Breaking down the two statewide referendum items in Wisconsin’s spring primary election

(WLUK) — Tuesday marks two weeks until Wisconsin’s spring primary election on April 2.

In-person absentee voting kicked off across the state Tuesday. On everyone’s ballot are two questions that could change how future elections are run in Wisconsin.

One of those questions asks if using private funds to administer an election should be made illegal.

“If we don’t pass these constitutional amendments, the ultimate result will be that there will be billionaires and outside organizations that selectively pile in, get out the vote efforts into cities themselves, in a battle for control of the state,” said State Sen. Eric Wimberger (R-Green Bay).

The measure stems from grant money awarded to cities in Wisconsin by the Center for Tech and Civic Life. It happened in 2020 to help run elections during the pandemic. The group is funded by Facebook creator, Mark Zuckerberg.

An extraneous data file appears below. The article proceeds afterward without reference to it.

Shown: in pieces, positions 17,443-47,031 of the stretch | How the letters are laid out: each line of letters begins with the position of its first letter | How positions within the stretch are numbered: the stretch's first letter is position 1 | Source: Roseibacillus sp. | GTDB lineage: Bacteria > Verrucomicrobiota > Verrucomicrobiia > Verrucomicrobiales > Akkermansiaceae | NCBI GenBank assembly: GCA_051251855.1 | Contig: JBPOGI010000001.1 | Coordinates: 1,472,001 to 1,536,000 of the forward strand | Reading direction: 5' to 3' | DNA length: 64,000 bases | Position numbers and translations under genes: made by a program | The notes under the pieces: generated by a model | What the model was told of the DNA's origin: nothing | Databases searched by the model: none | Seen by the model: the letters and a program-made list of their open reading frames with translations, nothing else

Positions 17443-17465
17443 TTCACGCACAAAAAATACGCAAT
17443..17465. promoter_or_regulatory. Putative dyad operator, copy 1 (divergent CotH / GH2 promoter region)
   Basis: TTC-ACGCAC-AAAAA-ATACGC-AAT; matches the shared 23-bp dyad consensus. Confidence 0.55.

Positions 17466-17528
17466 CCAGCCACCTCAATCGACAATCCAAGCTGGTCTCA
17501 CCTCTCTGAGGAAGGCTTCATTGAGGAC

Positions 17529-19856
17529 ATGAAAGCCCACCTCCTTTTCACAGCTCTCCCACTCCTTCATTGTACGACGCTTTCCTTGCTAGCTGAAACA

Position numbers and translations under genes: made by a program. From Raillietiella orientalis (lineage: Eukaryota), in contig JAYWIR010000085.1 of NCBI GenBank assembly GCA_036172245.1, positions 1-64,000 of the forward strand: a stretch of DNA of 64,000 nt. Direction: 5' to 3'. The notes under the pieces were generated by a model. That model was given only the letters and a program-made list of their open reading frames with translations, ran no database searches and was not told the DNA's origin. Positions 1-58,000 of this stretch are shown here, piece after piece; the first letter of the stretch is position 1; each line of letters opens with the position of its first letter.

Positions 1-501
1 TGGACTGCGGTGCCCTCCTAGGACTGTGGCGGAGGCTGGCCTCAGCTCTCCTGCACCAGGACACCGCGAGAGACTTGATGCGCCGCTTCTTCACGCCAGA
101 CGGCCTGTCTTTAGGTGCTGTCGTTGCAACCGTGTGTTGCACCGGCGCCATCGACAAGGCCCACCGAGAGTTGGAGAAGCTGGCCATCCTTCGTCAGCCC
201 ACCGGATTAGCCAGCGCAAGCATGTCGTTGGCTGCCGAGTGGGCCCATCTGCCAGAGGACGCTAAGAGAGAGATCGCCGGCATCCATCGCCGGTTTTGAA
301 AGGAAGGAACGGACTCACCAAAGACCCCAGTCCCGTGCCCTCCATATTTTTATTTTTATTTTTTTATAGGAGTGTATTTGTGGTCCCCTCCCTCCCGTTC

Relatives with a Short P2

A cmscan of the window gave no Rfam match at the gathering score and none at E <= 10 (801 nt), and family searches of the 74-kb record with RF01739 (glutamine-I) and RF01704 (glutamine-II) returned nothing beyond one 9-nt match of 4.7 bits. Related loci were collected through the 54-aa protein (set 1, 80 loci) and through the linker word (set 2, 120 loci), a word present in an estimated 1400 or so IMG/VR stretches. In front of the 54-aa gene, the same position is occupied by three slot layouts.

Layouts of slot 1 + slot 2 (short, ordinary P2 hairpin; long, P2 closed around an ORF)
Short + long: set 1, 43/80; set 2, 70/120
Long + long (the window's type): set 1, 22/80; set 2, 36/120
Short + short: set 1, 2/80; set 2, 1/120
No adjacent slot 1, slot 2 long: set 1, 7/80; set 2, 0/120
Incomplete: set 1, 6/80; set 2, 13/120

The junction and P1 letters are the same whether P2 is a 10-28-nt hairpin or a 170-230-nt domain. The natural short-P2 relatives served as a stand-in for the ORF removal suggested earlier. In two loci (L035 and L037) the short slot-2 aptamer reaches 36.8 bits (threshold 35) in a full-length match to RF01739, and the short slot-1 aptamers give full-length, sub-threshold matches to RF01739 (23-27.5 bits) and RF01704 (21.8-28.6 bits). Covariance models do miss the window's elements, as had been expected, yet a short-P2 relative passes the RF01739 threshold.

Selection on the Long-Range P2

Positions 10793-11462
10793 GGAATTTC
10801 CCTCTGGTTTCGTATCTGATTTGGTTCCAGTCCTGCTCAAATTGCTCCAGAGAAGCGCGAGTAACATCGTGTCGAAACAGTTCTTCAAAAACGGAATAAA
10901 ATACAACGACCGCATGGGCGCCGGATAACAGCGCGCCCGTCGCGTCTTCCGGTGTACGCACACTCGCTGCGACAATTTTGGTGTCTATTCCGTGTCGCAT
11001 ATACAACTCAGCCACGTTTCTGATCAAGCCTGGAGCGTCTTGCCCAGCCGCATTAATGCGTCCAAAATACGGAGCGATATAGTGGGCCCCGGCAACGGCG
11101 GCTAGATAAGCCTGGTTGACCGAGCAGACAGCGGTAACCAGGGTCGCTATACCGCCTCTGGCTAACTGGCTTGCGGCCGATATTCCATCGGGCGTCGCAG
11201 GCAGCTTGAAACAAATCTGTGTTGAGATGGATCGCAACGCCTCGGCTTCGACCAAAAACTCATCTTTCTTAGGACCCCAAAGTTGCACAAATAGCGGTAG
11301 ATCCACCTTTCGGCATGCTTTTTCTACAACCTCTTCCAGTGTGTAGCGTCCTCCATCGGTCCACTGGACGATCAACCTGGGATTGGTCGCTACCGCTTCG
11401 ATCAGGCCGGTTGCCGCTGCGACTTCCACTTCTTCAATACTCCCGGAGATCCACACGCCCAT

Democrats say the measure will make it more difficult to hold elections.

“We have over 1,000 clerks in this state who do a great job conducting our elections in accordance with our laws, and this would really tie their hands and give them less resources to do the work that they need to do,” said Joe Oslund, Communications Director for the Democratic Party of Wisconsin.

Green Bay was one such city to receive grant money. City clerk Celestine Jeffreys says her office will comply with whatever the public votes.

“However the voters choose, we will go with how their choice is, and the consequence — if the referendum passes and it becomes a constitutional amendment — the consequence is that, of course, voters will fund elections fully,” said Jeffreys.

The second question on the ballot asks if only designated election officials should administer elections. Each measure was brought forth by state Republicans and are opposed by Democrats.

“This really was, at the end of the day, a way to get around a potential veto from Governor Tony Evers, because had these been put forward in regular bills, the governor would’ve almost surely vetoed them, right?” said UW-Green Bay Associate Professor of Political Science David Helpap.

Both questions will ask you to answer ‘yes’ or ‘no.’ If the majority of voters approve, the amendments will be added to Wisconsin’s constitution.

Back in 2022, Green Bay’s city council voted to change its policy for accepting private grants and services for administering elections.

Source: Breaking down the two statewide referendum items in Wisconsin’s spring primary election

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